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A small chat with a good person


One autumn day, I visit my friend Kassim. It is warm in the weather, we set up on plastic chairs in the garden outside the house he cares for. He has made tea and we have time for a chat. Everything is fine with the wife who has been to hospital, he says, but he wants to talk about the woman who was lying in bed next to him. "She had no father, her brother promised her to a man both the mother and the girl were against. Before the wedding, the girl guy put on her, she died during the days I was visiting, ”he says.

We talk about the violence against women, and I talk about the ones we met in Herat, many of the women talked about men's violence as part of daily life. "Many men strike because they think it is useful and good; they have never heard that women have rights. I also have the power to strike, "says Kassim," no one would criticize me, but if we believe in God, then we know that she or he did not send us here to use force against other people. This country needs change, ”he says. "Why do the women have to join the men of their family when they get married, why can't the men stay with the women in her home?" He thinks it could provide greater protection for women if they could stay with their own after they got married.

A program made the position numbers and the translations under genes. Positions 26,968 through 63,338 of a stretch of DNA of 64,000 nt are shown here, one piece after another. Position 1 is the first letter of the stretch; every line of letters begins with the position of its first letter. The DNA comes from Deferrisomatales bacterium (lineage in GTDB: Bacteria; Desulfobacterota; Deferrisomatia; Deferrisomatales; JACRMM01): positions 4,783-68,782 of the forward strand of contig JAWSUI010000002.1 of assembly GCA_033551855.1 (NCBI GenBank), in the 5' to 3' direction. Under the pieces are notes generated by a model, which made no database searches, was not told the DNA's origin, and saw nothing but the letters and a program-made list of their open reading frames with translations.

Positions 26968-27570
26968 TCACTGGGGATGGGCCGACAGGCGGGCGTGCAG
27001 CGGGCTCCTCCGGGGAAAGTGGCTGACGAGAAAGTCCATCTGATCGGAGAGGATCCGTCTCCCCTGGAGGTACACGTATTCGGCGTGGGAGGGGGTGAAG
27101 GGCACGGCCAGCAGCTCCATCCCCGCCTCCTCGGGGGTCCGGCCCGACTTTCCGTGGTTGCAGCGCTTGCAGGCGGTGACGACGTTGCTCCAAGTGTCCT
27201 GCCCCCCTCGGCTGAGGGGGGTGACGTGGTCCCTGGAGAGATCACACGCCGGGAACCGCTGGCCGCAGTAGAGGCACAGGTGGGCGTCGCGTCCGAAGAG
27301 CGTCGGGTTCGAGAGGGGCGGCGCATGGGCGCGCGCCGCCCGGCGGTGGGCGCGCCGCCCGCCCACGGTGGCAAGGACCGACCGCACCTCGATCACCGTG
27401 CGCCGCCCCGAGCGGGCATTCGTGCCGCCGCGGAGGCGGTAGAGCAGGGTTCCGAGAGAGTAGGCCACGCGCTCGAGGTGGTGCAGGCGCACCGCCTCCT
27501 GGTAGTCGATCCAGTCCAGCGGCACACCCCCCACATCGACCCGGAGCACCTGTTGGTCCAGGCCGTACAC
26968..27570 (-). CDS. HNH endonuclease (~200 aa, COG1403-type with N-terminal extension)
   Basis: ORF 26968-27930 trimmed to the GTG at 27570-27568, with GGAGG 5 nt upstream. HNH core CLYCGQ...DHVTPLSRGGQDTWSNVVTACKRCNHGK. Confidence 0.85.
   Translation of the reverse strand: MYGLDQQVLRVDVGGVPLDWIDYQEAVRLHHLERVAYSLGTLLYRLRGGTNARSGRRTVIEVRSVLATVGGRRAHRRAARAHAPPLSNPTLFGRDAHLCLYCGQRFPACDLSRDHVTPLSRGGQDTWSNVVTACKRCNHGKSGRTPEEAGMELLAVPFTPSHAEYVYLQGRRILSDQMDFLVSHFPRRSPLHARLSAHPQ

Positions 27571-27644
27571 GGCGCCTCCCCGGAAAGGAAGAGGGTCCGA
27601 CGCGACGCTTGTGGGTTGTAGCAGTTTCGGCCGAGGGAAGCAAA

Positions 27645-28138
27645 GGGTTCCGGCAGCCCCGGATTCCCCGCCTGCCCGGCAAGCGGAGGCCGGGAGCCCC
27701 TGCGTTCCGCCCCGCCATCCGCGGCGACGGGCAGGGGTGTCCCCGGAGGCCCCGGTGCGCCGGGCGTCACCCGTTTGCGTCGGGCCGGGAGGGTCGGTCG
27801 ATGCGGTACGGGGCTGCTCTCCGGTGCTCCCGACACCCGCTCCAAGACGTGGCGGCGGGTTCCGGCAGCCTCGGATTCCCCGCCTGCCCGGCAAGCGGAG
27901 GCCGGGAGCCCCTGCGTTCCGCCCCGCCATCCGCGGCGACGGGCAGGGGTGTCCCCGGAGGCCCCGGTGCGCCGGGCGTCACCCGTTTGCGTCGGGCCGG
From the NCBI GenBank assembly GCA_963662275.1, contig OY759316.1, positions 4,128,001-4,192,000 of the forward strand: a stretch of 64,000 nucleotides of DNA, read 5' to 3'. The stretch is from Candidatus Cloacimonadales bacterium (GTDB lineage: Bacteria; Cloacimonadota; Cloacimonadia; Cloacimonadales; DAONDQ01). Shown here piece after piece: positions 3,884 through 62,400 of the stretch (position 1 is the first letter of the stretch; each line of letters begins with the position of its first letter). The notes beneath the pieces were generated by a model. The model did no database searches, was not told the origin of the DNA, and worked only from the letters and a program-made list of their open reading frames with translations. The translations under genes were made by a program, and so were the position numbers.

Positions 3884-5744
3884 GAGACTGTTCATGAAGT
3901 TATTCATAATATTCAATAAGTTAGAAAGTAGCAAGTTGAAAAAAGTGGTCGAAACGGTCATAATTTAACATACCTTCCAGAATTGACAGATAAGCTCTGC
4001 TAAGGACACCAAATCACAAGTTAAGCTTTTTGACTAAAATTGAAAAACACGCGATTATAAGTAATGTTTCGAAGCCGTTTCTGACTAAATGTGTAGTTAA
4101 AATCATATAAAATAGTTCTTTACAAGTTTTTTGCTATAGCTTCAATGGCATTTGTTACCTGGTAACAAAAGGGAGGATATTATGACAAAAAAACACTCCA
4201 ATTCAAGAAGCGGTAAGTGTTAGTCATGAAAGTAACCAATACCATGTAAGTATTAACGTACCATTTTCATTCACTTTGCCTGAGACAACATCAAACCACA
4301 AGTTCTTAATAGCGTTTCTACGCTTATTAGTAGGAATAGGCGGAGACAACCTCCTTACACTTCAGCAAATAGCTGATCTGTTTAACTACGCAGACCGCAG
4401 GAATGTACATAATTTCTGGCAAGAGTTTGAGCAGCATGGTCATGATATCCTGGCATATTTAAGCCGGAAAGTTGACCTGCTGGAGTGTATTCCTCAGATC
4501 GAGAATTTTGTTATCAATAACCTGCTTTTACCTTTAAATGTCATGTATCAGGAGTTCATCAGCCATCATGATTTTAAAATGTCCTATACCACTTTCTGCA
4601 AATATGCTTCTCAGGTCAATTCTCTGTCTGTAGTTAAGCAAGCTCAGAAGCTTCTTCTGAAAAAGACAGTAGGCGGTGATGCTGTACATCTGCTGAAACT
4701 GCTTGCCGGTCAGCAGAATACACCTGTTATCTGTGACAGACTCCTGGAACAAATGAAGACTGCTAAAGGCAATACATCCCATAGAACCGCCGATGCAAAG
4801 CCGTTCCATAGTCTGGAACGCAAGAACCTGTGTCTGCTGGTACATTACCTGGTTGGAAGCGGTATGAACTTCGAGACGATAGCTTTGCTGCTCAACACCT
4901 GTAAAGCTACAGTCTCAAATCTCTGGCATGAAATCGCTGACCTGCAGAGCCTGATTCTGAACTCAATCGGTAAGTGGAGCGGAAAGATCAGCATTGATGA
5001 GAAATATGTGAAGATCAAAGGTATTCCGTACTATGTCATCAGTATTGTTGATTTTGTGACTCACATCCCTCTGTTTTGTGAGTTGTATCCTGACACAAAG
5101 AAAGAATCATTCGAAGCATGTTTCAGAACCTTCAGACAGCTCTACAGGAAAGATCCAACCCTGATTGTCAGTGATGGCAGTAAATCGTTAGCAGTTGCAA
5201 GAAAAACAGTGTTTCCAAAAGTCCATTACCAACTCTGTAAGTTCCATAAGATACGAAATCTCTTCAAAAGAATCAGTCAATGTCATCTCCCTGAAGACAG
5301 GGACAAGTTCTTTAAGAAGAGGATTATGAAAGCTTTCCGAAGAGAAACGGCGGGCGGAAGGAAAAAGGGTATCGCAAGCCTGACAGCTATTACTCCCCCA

Kassim comes from a small village far from the capital, mother and father are farmers who can neither read nor write. He is touched when he thinks about the first time he heard about human rights and that poor and small people are worth as much as others. He decided to become someone who supports those who need it. "Someone has to start," says Kassim.

New knowledge changed his life. He thinks all problems disappear when people get information and education, and talks like no woman is beaten in my part of the world. I think maybe I should let him believe it, he needs all the encouragement he can get, but isn't it more important that he knows what reality looks like?

"Thousands of Norwegian women seek help every year because of men's violence," I say, feeling miserable. Kassim looks at me in horror. "This is very strange to me," he says after a long pause. “I thought everything was different with you. Don't men stop beating when they hear that women are human rights? "

We talk about other and nicer things afterwards, but I see that he has not finished what we started with. Then I have to go and he follows me out. "Do you think the women being beaten accept it because they think it's right?" He asks as he opens the gate. "I wish we had more time to read and write and discuss," he calls out to me.

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